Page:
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“I’ve had business people come up to me and say this plan makes sense,” Gephardt claimed. “It is an expensive plan,” he concedes, “and we’d have to get rid of the Bush tax cut to pay for it.” That the voters would be willing to endorse a tax hike for more health-care benefits seems dicey at best. Oregon — not exactly a hotbed of right-wingers — offered its voters this choice last November, and they defeated it by a near 3-to-1 margin.
Gephardt will also have to offer a plan to combat terrorism, and it is here that he seems rather uncomfortable. In Davenport he only mentioned the war on terror in his stump speech at the end; in Dubuque and Bellevue it wasn’t in the speeches at all, although he did talk about it in the question-and-answer period.
He vacillates between supporting President Bush and sounding like a '60s-style liberal. On the one hand he said, “I think we’ve got to do everything in our power to prevent further acts of terrorism. That’s why I voted to deal with Iraq; it’s why I voted to deal with Afghanistan.” On the other, “We need to go at the root causes of terrorism like bad governance and poverty.”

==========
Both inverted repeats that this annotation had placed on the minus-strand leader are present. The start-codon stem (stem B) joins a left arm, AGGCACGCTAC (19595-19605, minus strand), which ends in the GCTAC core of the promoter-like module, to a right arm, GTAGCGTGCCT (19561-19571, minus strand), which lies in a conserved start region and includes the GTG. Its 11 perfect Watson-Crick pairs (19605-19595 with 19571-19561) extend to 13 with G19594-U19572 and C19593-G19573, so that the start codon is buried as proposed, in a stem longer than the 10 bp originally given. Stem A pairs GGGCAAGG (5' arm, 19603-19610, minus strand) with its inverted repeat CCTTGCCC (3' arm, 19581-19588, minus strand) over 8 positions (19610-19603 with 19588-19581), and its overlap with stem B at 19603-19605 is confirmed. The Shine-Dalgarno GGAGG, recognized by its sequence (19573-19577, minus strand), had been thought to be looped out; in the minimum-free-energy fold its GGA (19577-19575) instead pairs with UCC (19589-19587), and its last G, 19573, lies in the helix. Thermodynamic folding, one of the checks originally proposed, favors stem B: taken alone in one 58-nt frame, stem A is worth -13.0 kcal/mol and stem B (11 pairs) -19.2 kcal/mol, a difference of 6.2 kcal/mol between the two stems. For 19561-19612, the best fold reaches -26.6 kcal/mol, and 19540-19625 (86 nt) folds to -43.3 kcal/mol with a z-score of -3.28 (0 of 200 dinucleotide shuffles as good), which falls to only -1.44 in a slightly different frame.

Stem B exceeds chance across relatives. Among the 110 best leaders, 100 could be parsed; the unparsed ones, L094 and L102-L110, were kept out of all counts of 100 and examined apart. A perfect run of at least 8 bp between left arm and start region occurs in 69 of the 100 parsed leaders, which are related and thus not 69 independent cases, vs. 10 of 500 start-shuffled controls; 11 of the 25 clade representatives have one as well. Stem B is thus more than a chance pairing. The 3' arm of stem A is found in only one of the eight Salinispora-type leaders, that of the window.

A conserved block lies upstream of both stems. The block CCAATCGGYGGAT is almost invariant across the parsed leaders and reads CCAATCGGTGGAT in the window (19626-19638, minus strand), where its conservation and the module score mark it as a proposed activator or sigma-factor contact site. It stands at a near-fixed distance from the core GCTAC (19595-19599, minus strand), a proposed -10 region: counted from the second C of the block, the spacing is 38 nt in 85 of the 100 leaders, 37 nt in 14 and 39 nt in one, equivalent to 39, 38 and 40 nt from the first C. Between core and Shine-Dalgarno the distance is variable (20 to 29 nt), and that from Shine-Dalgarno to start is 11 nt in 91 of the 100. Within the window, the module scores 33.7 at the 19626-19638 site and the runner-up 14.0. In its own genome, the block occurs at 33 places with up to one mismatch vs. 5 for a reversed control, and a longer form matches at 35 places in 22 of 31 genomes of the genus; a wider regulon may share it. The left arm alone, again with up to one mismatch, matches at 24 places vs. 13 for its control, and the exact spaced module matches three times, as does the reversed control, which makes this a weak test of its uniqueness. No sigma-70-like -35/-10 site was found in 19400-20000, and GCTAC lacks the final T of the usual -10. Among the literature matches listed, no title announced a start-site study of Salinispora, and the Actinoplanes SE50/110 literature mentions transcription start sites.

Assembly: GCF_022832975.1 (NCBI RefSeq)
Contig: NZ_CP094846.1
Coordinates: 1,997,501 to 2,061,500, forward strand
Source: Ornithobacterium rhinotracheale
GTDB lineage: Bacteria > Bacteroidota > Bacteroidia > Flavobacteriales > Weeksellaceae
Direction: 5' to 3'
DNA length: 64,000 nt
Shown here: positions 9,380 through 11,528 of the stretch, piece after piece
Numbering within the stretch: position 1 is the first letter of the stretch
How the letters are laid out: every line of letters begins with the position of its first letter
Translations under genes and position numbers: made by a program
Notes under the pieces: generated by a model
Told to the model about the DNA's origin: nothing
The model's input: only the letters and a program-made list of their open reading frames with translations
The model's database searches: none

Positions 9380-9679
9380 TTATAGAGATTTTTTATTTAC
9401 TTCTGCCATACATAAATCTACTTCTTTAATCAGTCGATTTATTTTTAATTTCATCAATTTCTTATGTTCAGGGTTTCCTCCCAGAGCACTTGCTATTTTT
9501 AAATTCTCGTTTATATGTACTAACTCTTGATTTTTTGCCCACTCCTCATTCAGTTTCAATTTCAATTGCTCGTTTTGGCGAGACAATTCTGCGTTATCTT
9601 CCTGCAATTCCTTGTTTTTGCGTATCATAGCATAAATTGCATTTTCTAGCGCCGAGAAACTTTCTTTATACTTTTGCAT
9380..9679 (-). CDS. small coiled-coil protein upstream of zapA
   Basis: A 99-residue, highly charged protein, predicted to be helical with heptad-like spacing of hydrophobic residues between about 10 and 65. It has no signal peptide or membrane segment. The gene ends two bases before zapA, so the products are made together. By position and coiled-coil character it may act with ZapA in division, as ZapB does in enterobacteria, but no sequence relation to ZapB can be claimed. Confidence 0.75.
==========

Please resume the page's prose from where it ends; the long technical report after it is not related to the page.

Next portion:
He faulted Bush for not getting U.N. and NATO support for the invasion of Iraq. How would Gephardt get their support? “You have to talk to them. You have to listen to them.” Using sociological terms and proposing what sounds like a group-therapy session isn’t likely to convince many voters that he’s got what it takes to deal with the threat of terrorism.
However, that’s getting ahead of ourselves. Gephardt has to win the nomination before he can move on to the general election, and sounding a bit more like Dean on foreign policy is not a bad way to appeal to primary voters.
Gephardt appears to be playing well the hand that was dealt to him after Dean came along and stole the deck. Bill Burton remarked, “After New Hampshire, it will probably be just Gephardt and Dean.” Here’s betting he’s right.
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